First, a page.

Cost-share programs encourage most to mitigate wildfire danger
Most homeowners are willing to take part in cost-sharing that helps pay for wildfire risk mitigation on their properties, but some of those with the highest wildfire risk are the least likely to participate in those programs, according to a collaborative study by the University of Colorado Boulder and partnering institutions.
Past studies have shown that people who think their properties are vulnerable to wildfires are more open to taking actions that lower the risk, like clearing vegetation around their homes to create a defensible space.
In the new study, published in the International Journal of Wildland Fire, the researchers looked not only at perceived wildfire risk but also at how a professional rated the wildfire risk on individual properties. They found that people whose risk was rated higher by the professional were less likely to participate in cost-share programs for mitigation than those with lower assessed risk.
"This was a pretty surprising finding, and something we were only able to get because of the unique data set we were looking at," said James Meldrum, a research associate at CU-Boulder's Institute of Behavioral Science and lead author of the paper. "It implies that some of the people we would most like to encourage to mitigate might not respond to these types of financial incentives, so wildfire program managers need other ways to reach them."
Meldrum and CU-Boulder's Hannah Brenkert-Smith, also a research associate at the Institute of Behavioral Science and co-author of the paper, got the data for the study through a unique collaboration with the West Region Wildfire Council, an organization working to reduce the threat of catastrophic wildfires in six counties in western Colorado: Delta, Gunnison, Hinsdale, Montrose, Ouray and San Miguel. Members of the council include local, state and federal agencies.
"Partnering with researchers has been an extremely enriching endeavor—as the research efforts have provided an empirical backing to those things that practitioners have to this point only been able to speak to anecdotally," said Chris Barth, fire mitigation specialist with the Bureau of Land Management in Montrose, Colo., and a co-author of the study.
The research team analyzed a survey of 217 residents of the community of Log Hill Mesa near Ridgway, Colo. The vast majority of landowners, 84 percent, said they would participate in a cost-share program for removing vegetation on their properties. Similar programs are offered throughout fire-prone regions of the West.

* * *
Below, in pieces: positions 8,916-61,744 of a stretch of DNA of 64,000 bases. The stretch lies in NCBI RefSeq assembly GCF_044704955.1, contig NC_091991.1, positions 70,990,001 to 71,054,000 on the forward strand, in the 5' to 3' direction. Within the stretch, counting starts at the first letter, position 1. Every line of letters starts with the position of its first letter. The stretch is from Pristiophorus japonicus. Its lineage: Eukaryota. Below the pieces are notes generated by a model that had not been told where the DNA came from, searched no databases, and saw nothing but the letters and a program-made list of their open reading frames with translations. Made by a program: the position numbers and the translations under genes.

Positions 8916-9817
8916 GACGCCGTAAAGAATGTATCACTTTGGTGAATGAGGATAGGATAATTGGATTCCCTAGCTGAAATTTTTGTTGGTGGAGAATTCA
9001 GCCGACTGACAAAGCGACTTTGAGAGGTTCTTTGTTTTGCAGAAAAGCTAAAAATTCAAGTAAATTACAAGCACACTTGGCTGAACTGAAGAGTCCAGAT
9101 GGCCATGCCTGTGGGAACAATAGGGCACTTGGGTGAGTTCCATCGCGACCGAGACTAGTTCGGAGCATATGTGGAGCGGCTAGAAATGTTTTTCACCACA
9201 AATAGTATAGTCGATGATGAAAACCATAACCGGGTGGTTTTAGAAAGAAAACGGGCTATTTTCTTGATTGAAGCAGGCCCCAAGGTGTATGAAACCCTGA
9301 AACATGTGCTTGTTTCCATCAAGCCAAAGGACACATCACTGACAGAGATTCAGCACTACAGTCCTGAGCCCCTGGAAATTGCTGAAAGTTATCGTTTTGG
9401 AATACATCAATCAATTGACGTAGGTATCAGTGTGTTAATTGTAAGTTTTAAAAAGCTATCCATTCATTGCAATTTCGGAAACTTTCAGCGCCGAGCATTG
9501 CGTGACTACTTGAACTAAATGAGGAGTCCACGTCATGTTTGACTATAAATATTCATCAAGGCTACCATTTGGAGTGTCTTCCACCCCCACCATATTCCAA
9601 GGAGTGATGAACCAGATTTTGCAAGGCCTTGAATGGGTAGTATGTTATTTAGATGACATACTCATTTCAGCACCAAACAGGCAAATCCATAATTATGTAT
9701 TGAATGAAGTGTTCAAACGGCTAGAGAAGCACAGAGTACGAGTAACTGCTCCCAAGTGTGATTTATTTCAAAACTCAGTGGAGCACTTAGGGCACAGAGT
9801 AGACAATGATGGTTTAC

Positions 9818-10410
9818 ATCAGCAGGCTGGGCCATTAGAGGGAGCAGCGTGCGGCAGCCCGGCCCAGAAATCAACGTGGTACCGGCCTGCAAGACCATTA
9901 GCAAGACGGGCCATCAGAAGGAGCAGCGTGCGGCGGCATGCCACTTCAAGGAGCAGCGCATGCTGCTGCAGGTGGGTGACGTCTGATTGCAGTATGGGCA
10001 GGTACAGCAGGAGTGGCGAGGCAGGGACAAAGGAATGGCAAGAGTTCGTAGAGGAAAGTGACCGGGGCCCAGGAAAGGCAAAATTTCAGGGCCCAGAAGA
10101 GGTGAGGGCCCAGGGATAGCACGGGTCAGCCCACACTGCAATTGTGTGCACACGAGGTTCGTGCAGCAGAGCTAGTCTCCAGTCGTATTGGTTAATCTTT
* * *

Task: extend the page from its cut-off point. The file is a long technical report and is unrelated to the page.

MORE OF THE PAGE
The study found that the decision to participate in cost-share programs, which bring in experts to thin vegetation on private property, is not just about the money. Study results show that not knowing what needs to be done on one's property was almost as strong a reason to participate in the program as not having the time or money to do the mitigation. At the same time, concerns about mitigation—such as how it might change the look of a property or whether it will actually be effective at reducing fire risk—tended not to influence whether homeowners said they would participate.
"The good news is these cost-share programs are very effective at encouraging some people in the community to reduce their wildfire risk," Meldrum said. "But they won't fix everything. They should be used as part of a suite of tools."
This information is useful to practitioners who are on the ground working to mitigate wildfire risk, said Lilia Falk, director of the West Region Wildfire Council and a study co-author.
"Research-based findings have helped provide the West Region Wildfire Council with clear direction for shaping some of our programmatic efforts," she said. "As an organization that focuses on promoting wildfire preparedness, prevention and mitigation education, the research has offered us insight that will help strengthen our effectiveness at encouraging action in the communities we serve."